Mirage III C/B
At Cazaux airfield near Bordeaux was offered by the French Government. Both French Air Force and Dassault personnel were at the airfield along with the Fairey team. Forty-seven low-level supersonic flights took place over a period of two months. It was no coincidence that Dassault had their engineers at Cazaux as they, like Fairey, were interested in delta wing fighters and during the FD.2s tests they learned much about the characteristics of supersonic delta wings. Two days after the FD.2 had returned home the first Mirage III prototype was rolled out.
As Marcel Dassault, the founder of the company, said in the book Mirage, Warplane of the World, "If it were not for the clumsy way in which you tackle things in Britain, you could have made the Mirage yourselves". The first major production model of the Mirage series, the Mirage IIIC, first flew in October 1960. The IIIC was largely similar to the IIIA, though a little under a half meter longer and brought up to full operational fit. The IIIC was a single-seat interceptor, with an Atar 09B turbojet engine, featuring an "eyelet" style variable exhaust.
The Mirage IIIC was armed with twin 30 mm DEFA revolver-type cannon, fitted in the belly with the gun ports under the air intake. Early Mirage IIIC production had three stores pylons, one under the fuselage and one under each wing, but another outboard pylon was quickly added to each wing, for a total of five. The outboard pylon was intended to carry an AIM-9 sidewinder air-to-air missile, later replaced by the Matra Magic.
Although provision for the rocket engine was retained, by this time the day of the high-altitude bomber seemed to be over, and the SEPR rocket engine was rarely or never fitted in practice. In the first place, it required removal of the aircraft's cannon, and in the second, apparently it had a reputation for setting the aircraft on fire. The space for the rocket engine was used for additional fuel, and the rocket nozzle was replaced by a ventral fin at first, and an airfield arresting assembly later.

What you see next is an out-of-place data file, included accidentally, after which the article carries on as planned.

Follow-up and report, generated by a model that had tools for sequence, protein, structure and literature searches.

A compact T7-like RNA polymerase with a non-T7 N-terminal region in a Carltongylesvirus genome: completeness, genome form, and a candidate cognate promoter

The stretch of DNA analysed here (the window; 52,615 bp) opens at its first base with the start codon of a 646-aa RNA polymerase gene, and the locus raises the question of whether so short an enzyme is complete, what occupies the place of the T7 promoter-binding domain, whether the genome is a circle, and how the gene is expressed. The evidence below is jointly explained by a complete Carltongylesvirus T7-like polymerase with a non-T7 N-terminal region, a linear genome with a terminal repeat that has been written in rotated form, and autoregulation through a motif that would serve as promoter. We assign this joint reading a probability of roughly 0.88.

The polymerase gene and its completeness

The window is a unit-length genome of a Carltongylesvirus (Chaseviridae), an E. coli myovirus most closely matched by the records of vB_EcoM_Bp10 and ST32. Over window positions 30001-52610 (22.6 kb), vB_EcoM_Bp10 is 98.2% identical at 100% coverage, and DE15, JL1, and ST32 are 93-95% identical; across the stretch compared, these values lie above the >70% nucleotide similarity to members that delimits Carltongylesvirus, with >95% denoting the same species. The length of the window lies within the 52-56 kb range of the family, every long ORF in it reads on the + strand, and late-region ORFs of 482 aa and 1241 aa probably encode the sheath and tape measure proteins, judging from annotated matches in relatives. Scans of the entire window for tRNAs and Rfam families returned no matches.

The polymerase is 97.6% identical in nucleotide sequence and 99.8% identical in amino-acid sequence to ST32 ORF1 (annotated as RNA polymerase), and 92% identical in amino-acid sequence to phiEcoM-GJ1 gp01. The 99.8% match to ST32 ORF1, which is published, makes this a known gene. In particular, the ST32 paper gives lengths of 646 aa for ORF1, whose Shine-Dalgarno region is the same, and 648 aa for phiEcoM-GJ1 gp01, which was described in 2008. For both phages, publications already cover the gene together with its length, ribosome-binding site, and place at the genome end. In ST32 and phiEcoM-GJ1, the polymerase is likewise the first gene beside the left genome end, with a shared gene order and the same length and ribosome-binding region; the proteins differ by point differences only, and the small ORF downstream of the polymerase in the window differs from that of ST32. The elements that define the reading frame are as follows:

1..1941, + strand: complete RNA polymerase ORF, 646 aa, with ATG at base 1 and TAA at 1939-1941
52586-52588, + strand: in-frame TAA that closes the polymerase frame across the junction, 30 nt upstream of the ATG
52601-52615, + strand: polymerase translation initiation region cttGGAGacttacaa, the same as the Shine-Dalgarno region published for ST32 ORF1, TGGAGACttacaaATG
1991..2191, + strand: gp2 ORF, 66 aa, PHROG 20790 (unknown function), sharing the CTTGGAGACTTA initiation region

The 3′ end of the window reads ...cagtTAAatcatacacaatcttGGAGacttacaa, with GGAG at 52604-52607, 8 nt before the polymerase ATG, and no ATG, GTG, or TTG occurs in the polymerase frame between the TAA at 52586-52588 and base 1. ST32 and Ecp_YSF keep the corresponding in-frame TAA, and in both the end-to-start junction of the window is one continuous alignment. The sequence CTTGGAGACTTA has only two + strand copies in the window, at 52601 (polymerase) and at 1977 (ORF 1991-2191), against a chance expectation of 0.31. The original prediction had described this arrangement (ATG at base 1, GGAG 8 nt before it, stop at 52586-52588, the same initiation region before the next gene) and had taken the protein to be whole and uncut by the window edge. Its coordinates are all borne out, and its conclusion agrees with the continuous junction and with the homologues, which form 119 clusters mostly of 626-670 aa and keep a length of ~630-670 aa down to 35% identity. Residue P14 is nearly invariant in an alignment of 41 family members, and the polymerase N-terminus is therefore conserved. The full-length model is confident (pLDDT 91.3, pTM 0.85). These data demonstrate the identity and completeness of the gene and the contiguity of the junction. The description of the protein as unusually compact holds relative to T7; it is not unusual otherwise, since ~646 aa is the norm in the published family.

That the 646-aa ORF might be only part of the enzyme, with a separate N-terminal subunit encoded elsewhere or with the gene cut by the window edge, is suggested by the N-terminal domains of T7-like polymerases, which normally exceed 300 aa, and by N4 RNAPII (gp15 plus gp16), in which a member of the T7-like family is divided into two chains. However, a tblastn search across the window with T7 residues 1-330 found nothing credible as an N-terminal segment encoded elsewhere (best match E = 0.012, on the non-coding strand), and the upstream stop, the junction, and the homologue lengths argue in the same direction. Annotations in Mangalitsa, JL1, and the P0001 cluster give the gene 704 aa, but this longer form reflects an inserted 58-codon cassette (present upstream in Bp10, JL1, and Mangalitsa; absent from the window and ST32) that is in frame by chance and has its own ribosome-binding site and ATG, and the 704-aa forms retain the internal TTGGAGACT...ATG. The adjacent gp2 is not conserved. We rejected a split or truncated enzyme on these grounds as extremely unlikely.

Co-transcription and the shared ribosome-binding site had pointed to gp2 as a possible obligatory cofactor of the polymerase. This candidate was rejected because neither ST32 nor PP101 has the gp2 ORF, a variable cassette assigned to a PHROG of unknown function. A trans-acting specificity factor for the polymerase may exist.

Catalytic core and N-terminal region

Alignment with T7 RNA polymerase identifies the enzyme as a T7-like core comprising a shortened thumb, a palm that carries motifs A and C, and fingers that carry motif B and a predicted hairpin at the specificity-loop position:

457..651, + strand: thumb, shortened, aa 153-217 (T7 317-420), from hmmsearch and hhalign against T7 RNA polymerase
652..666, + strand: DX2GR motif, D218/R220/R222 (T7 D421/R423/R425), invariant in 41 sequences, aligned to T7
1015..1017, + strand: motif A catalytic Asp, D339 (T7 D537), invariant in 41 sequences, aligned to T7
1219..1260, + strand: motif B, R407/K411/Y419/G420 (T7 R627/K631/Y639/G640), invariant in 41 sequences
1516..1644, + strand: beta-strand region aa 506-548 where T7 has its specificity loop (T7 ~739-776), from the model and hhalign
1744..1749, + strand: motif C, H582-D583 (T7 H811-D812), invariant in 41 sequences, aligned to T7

A total of 95 Mirage IIICs were obtained by the French Air Force (Armée de l'Air, AdA), with initial operational deliveries in July 1961. The Mirage IIIC remained in service with the AdA until 1988.
The Armée de l'Air also ordered a two-seat Mirage IIIB operational trainer, which first flew in October 1959. The fuselage was stretched about a meter (3 ft 3.5 in) and both cannons were removed to accommodate the second seat. The IIIB had no radar, and provision for the SEPR rocket was deleted, although it could carry external stores. The AdA ordered 63 Mirage IIIBs (including the prototype), including five Mirage IIIB-1 trials aircraft, ten Mirage IIIB-2(RV) inflight refueling trainers with dummy nose probes, used for training Mirage IVA bomber pilots, and 20 Mirage IIIBEs, with the engine and some other features of the multi-role Mirage IIIE. One Mirage IIIB was fitted with a fly-by-wire flight control system in the mid-1970s and redesignated Mirage IIIB-SV (Stabilité Variable); this aircraft was used as a testbed for the system in the later Mirage 2000.
Drie uitvoeringen mogelijk;
Mirage III C - No.24 "10-LF", EC 3/10 "Vexin", BA 188 Djibouti, maart 1982.
Mirage III C - No.31 "10-RF", EC 2/10 "Seine", BA 110 Creil, april 1974.
Mirage III B - No.212 "2-FL", EC 2/2 "Côte d'Or", BA 102 Dijon, augustus 1978.
Aantal onderdelen; 88.
- Lang; 315mm.
- Spanwijdte; 173mm.
- Hoog; 90mm.
- Lang; 330mm.
- Spanwijdte 173mm.
- Hoog; 90 mm.
Humbrol verf kleur nr.'s; 22 /33 / 34 / 56 / 64 / 72 / 85 / 99 / 102 / 119 / 121 / 127.